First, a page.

"I just couldn't figure out how the U.S. government could have imprisoned Mr. Sulu as a five-year-old."
The new documentary To Be Takei looks at the fascinating past and exciting present of the one and only Mr. Sulu, George Takei. Cinema Sentries’ Adam Blair caught up with the documentary’s director Jennifer M. Kroot, who revealed the intricacies involved in getting an interview with Takei nemesis William Shatner, and how Takei’s relationship with husband Brad Altman unexpectedly became an important element in the finished film, which is being released in select cities, VOD platforms and on iTunes August 22. How did you get involved with this project? I was always a Star Trek fan, but I didn’t really
Harmless, mildly enjoyable corn featuring strong performances by Fonda, Dorothy Lamour, Linda Darnell, a lion, a horse, and an elephant.
There are two 1940 movies starring Henry Fonda, both featuring Jane Darwell and the basso-voiced character actor John Carradine, that involve the Fonda character hitting the road to escape trouble at home. Movie buffs will quickly be able to identify one as The Grapes of Wrath, with Fonda as ex-con Tom Joad, joining his family of dispossessed Okies on their trek to the promised land of California from the drought-ravaged Midwest. This stark black-and-white document of the Depression is justly famous, featuring direction by John Ford and masterful deep-focus cinematography by Gregg Toland (Wuthering Heights, Citizen Kane, The Best Years
Fascinating, lively group bio chronicling the WWII service of Hollywood legends Frank Capra, George Stevens, John Ford, William Wyler, and John Huston.
Five seems to be a lucky number for author Mark Harris. His previous book, Pictures at a Revolution, artfully captured a key inflection point in movie and American history by examining the five Best Picture nominees from 1967 (a group that included Guess Who’s Coming to Dinner?, The Graduate, Bonnie and Clyde and the eventual winner, In the Heat of the Night, as well as the joker in the pack, the dreadful Rex Harrison musical version of Dr. Dolittle). Now he has successfully tackled a tough genre, the group biography, with Five Came Back: A Story of Hollywood and the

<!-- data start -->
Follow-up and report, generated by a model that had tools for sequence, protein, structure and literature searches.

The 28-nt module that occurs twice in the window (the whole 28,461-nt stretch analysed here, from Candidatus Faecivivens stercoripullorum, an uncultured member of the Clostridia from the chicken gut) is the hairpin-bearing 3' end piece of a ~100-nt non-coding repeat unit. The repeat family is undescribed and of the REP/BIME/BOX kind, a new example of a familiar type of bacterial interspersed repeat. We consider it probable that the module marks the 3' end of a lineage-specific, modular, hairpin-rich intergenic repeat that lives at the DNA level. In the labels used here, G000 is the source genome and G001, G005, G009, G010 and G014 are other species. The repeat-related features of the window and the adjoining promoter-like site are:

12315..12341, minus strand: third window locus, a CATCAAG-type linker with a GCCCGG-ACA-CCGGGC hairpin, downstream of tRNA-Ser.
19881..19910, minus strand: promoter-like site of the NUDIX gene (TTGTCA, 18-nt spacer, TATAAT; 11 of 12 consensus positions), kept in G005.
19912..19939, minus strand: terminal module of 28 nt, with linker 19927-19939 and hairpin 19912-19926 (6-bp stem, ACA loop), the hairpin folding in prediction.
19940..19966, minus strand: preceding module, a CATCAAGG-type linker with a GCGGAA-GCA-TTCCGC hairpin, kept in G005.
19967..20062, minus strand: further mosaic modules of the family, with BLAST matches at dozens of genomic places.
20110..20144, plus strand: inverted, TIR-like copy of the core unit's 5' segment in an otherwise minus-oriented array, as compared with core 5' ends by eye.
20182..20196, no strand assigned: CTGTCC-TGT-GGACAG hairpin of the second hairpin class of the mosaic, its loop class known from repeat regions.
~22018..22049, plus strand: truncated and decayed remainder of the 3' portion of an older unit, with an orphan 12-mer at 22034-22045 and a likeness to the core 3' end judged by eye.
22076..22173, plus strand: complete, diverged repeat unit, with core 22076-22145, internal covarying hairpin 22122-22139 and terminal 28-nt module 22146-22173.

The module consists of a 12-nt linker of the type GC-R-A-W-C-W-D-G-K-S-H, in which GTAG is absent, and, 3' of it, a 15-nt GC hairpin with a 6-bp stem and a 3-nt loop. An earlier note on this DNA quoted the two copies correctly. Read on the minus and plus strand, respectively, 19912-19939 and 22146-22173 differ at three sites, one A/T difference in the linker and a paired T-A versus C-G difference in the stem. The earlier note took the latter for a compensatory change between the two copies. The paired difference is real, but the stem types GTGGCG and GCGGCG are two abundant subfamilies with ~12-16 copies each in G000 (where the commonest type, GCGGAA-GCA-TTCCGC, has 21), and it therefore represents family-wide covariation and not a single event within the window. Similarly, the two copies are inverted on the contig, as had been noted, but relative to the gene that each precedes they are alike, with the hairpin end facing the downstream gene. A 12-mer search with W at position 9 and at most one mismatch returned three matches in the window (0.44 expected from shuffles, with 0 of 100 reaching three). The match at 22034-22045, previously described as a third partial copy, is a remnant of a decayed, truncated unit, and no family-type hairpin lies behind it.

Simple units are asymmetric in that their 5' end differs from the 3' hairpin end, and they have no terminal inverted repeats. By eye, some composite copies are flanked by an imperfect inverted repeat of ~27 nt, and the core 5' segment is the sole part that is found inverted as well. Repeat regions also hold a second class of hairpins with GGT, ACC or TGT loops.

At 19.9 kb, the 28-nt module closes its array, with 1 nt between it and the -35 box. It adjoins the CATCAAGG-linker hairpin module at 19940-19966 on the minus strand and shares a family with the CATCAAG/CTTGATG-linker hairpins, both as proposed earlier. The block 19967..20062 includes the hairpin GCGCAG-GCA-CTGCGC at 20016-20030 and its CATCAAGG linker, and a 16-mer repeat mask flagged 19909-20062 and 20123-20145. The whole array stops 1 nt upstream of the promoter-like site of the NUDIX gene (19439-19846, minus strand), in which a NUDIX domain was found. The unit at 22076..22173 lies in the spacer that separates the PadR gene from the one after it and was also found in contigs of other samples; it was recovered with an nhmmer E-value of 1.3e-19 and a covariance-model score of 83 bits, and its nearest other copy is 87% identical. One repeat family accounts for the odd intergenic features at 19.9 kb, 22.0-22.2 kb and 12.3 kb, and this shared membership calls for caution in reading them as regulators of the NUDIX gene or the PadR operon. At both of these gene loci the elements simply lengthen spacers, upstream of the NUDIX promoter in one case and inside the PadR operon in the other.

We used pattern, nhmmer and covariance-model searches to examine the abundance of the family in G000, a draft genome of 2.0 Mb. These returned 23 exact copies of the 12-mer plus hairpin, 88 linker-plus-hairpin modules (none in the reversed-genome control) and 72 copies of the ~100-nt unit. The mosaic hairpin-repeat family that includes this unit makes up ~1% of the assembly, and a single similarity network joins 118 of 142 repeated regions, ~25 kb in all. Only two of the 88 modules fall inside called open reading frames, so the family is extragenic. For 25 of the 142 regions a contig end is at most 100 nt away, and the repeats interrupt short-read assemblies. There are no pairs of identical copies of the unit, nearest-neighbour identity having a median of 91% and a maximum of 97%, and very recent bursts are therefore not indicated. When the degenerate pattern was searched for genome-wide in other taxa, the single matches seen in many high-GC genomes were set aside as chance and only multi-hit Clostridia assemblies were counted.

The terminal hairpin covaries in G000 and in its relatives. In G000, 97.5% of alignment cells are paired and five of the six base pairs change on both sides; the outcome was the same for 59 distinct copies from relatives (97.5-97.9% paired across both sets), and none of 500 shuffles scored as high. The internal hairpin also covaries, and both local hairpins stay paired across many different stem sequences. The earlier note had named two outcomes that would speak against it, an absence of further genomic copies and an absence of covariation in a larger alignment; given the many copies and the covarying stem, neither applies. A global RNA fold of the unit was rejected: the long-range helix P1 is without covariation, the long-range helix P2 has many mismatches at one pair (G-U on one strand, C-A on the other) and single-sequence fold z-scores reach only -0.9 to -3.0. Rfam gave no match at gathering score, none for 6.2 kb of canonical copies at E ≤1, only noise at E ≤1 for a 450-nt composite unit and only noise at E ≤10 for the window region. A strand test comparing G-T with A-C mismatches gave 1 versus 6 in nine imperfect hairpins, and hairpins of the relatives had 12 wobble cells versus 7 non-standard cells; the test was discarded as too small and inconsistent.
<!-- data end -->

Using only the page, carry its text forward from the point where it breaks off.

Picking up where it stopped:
Director Richard Linklater and stars Ethan Hawke, Patricia Arquette, and Ellar Coltrane on creating an "epic of minutia."
That Boyhood, Richard Linklater’s “epic of minutia,” had an unconventional production schedule is something of an understatement. For an even dozen years, the cast and crew met once a year to chronicle both the aging and maturing (two distinct and separate processes) of Mason (Ellar Coltrane), his sister Samantha (played by the director’s daughter Lorelei Linklater), and their parents Olivia and Mason Sr. (Patricia Arquette and Ethan Hawke). What for some less fearless actors and filmmakers would have been a quixotically crazy commitment has produced a unique film, not without its flaws, that effectively plays with audience expectations about plot,
Literally 12 years in the making, Richard Linklater creates a naturalistic slice of life that's equal parts interesting and maddeningly anti-dramatic.